Ideological economics take us down

By Mark Mansperger, Special to the Herald

RICHLAND -- During the momentous struggle of World War II, America's national debt increased to 120 percent of GDP.

Subsequent presidents responsibly brought the debt downward until we reached Ronald Reagan, who, in 1981, inherited a national debt that only was 32 percent of GDP.

His tax-cutting policies, however, soon inflated it to 66 percent.

In the early 1990s, the far right then fought vigorously against Bill Clinton's economic policies, predicting they would "stall the economic recovery." In fact, preceded by two tax increases, the 1990s saw one of the best economic expansions in our nation's history.

Al Gore, during the 2000 presidential debates, correctly foretold Bush's Reagan-era policies would lead to record deficits, to which Bush replied, that's "fuzzy math."

Our national debt surged from a stable $5.7 trillion in 2001 to $10.6 trillion by the time Bush left office -- 74 percent of GDP! Moreover, the deficit for Fiscal 2009, which started during Bush's presidency, was approximately $1.5 trillion! Leaving deficits of this magnitude guaranteed that trillions more will accrue.

In spite of their ideological appeal, there is no objective evidence that attacking government and cutting taxes make the economy grow better, reduces deficits or improves the lives of the majority of people. If cutting taxes actually is such an elixir, the economy should have been going gangbusters after the tax cuts of 2001 and 2003. Instead, it puttered along until falling into the Great Recession.

Taxes are part of the cost of civilization. We in the Mid-Columbia, who receive far more from the federal government than we pay, should be the last to complain.

Too many Americans are embracing the belief that roads, schools, national defense, etc., should somehow be provided for free, or that the government should curtail the services of their fellow Americans so they can get theirs at reduced rates.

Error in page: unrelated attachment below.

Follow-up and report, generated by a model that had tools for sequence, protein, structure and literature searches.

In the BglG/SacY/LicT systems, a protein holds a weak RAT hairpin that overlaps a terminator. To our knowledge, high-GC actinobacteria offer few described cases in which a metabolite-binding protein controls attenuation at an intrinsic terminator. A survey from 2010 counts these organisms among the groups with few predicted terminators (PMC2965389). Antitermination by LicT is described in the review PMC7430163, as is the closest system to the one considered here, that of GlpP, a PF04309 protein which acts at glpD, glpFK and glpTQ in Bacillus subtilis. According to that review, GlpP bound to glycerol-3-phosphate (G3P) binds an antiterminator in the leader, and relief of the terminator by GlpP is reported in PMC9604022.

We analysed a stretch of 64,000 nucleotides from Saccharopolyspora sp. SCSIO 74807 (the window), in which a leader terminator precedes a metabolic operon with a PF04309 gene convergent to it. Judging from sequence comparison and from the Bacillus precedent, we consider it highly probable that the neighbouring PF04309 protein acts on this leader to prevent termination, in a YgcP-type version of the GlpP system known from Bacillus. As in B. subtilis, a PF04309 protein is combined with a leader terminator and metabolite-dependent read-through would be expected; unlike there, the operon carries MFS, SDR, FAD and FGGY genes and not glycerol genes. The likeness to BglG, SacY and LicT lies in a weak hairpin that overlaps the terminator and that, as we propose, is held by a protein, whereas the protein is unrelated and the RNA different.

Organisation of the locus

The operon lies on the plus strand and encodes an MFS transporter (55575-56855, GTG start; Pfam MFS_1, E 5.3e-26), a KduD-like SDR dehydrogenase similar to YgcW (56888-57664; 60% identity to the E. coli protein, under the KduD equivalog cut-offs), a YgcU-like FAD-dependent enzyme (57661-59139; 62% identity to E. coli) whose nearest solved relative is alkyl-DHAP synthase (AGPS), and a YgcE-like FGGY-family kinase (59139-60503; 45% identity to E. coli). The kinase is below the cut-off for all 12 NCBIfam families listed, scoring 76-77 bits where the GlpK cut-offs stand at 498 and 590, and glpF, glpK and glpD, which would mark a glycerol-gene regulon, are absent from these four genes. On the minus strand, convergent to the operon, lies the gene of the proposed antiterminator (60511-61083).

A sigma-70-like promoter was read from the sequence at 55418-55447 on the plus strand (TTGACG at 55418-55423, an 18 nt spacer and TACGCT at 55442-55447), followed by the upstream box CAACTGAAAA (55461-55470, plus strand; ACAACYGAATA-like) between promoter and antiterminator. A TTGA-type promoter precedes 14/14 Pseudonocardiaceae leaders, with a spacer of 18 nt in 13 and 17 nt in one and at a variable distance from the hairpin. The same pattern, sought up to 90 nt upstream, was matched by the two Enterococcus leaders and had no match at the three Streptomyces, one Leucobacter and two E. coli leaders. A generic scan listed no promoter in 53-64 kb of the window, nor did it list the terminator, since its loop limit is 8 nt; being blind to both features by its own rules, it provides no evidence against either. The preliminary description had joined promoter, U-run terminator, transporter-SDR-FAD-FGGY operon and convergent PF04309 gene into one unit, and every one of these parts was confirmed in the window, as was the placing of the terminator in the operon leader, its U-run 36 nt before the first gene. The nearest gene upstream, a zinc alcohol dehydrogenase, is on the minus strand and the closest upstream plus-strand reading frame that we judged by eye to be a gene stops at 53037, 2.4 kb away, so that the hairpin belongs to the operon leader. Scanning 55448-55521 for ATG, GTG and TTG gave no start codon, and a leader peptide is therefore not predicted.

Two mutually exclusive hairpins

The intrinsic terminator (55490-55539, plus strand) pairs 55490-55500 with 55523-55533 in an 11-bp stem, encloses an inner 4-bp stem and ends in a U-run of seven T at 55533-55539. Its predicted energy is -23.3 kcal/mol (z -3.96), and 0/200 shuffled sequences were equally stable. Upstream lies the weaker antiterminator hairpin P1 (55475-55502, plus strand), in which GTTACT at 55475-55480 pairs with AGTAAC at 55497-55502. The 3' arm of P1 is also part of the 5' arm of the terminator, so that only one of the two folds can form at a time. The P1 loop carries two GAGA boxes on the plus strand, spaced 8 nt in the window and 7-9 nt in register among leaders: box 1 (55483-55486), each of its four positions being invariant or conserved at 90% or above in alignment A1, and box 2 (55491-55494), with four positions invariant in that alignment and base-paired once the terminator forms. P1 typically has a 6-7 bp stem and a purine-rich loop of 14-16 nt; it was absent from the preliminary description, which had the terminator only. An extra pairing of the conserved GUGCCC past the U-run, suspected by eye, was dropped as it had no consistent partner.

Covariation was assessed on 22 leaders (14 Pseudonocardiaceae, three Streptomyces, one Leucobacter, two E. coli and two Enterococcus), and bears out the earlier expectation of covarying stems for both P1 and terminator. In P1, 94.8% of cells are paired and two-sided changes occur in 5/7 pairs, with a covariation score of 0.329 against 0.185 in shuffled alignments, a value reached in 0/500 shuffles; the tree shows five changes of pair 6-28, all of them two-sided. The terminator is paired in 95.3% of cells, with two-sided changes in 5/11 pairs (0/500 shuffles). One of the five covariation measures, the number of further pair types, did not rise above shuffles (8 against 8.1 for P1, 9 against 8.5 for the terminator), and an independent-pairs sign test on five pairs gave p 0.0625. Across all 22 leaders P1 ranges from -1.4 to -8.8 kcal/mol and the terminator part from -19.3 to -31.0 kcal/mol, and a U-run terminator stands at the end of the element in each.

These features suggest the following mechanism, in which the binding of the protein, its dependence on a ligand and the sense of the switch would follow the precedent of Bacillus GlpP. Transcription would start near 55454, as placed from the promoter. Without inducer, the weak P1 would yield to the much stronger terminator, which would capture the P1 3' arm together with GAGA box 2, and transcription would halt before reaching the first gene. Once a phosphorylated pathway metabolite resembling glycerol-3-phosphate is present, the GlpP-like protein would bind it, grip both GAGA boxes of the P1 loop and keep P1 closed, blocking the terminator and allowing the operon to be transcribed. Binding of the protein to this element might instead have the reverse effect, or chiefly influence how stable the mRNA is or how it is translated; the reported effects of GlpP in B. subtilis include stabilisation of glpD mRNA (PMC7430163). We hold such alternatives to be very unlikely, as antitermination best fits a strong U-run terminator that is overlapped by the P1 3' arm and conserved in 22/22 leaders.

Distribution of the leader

Fifteen years ago, another major governmental change occurred with the contemporary rise of the vicious politics of personal destruction, now chronically encouraged by certain pundits and media.

The era in which there could be cooperation, dialogue, and objective analyses (instead of partisan propaganda) soon died. It is deeply alarming that so many Americas are willing to cast aside the responsibility of actually learning about issues in favor of the comfort and ease of having ideologically-minded authoritarian figures tell them what to believe.

We need to turn away from the "tax cuts and deregulation will save us" political script, which ultimately emanates from the rich and corporate.

Our economic mess predominantly is the result of inadequate regulation and incessant greed, and it will take time to recover. Faulting our current deficits and unemployment on Obama is like dynamiting a dam and then blaming one's successor for the subsequent flood.

The federal deficit commission revealed a plan late last year to reduce our national deficits by cutting spending on defense, Social Security, Medicare, agriculture and by raising taxes.

Unfortunately, the analysis probably is correct. Spending cuts alone will not balance our budget, and if such a draconian policy actually was implemented, the people and activities of the Mid-Columbia would be prime targets.

There are some merits to conservative thought, but if we had never started down this road of deregulation and tax cuts we would have vastly less debt, a stronger economy and higher after-tax personal income (which is what really matters, not tax rates).

Although he didn't go far enough, Obama's State of the Union address was on the right path. The sensible solution to massive deficits is to collect more taxes and reduce expenditures.

Taking the opposite approach of perpetually extending tax cuts to rich people ultimately would ruin us.

A renewal of prosperity requires rejecting the illusory, biased, rancorous policies of the past and instead focusing on those that are realistic and socially responsible.

* Mark Mansperger is an assistant professor of anthropology and world civilizations at Washington State University Tri-Cities. His research includes cultural ecology, development and international economics.